The region’s snowpack is “way above normal” according to Jeff Anderson, hydrologist for Natural Resources Conservation Service in Nevada. His January snow survey on Monday near the Mt. Rose Summit measured 7.5 feet of snow with more than 27 inches of water content—185% of the average snowpack.
The site is electronically monitored with a “snow pillow” and other equipment, but Anderson makes physical inspections throughout the winter and invites members of the media along.
Anderson said over the past two years snow has fallen on dry ground within the region. When that snow thawed, much of the water first went into the soil instead of the region’s lakes and reservoirs. That’s not the case this year, though. October storms brought both snow and rain to the Lake Tahoe basin filling the soil with water and giving run off a chance to head to the area’s parched bodies of water.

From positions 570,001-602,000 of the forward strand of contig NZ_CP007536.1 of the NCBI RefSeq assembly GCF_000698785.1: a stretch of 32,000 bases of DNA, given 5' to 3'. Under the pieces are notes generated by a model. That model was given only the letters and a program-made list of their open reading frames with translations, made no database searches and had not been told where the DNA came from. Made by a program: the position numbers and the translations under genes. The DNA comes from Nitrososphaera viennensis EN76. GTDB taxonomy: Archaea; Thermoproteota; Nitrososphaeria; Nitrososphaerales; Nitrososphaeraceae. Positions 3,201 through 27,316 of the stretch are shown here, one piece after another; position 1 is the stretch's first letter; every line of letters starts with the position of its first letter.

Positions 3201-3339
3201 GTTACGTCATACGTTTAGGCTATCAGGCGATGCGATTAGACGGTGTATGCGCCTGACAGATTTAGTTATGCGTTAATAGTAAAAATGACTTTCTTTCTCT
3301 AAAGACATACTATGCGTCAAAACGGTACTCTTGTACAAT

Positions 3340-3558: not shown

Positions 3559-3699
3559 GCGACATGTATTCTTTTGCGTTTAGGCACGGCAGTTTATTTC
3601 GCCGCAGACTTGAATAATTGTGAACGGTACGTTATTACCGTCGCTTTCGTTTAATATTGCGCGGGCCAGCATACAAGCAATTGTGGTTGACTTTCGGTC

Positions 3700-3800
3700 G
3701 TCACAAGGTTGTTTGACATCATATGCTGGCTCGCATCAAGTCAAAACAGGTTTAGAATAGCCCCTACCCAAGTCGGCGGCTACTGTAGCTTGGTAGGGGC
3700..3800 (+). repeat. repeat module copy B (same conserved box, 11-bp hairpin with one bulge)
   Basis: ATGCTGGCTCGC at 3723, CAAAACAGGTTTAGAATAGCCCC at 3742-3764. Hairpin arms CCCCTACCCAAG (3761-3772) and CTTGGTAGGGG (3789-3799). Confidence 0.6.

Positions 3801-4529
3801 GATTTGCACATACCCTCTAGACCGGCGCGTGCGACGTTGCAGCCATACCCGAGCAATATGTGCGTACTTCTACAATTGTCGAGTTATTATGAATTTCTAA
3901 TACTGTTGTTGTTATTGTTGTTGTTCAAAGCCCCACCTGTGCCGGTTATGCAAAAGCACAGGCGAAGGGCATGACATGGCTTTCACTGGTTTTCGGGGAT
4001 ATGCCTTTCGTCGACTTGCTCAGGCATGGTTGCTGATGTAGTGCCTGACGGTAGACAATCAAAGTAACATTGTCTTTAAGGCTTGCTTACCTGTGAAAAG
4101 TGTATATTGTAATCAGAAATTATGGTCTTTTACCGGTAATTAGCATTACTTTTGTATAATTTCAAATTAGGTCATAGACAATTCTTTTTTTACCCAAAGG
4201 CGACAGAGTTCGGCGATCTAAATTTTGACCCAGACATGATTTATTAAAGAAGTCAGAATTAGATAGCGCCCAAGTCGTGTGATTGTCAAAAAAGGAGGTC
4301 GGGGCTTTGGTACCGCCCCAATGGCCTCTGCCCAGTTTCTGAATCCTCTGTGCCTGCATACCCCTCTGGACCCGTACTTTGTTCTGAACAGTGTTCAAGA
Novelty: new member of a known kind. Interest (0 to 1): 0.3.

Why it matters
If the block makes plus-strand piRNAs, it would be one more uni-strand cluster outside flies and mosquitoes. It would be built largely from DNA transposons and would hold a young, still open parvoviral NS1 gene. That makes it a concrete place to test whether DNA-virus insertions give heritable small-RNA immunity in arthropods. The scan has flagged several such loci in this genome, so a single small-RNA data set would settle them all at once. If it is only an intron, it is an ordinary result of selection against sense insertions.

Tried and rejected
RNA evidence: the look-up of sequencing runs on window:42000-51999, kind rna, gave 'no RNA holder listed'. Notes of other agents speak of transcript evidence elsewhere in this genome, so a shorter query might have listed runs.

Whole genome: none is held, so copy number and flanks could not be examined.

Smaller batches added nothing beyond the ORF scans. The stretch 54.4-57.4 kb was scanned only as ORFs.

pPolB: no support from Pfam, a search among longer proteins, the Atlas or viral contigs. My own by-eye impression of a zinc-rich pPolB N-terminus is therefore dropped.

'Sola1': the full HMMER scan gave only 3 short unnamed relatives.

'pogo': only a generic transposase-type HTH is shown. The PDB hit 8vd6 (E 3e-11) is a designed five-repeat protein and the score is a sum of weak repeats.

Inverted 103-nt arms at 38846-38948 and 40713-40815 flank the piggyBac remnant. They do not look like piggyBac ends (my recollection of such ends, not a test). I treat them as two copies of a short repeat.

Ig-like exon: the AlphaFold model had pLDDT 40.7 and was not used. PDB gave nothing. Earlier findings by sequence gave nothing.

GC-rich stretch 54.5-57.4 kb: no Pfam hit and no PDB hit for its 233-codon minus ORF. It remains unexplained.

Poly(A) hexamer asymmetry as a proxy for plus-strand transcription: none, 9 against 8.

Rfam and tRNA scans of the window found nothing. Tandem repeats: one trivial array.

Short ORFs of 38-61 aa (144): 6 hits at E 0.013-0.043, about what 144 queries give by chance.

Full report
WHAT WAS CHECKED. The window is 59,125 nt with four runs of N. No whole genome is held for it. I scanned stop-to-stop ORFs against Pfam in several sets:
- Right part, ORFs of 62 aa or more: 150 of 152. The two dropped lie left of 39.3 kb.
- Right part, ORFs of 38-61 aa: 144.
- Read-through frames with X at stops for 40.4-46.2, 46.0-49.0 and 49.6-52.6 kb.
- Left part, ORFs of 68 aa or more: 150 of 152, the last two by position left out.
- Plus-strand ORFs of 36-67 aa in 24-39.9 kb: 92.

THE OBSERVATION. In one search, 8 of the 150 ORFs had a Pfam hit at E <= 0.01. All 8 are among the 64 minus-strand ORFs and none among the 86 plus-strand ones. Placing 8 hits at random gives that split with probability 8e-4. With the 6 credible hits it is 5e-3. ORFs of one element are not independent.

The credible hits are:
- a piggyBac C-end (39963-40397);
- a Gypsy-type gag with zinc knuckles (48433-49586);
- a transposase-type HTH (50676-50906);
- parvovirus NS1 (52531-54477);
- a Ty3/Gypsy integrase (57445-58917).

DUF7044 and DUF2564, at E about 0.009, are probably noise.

Chad Blanchard, Federal Water Master for the Carson-Truckee Rivers, discussed the health of local reservoirs.
Lake Tahoe, which fell below its rim in 2021, is back up and now holding more water. Blanchard said that because Lake Tahoe has such a massive surface area precipitation will affect the lake’s level right away, simply because much of it is landing in the lake itself.
Other bodies of water with substantially less surface area will have to wait until the spring run off to begin seeing much of this winter’s moisture.
While December storms have brought snow to the mountains, precipitation in February and March will still decide what the region’s water conditions will be for 2022.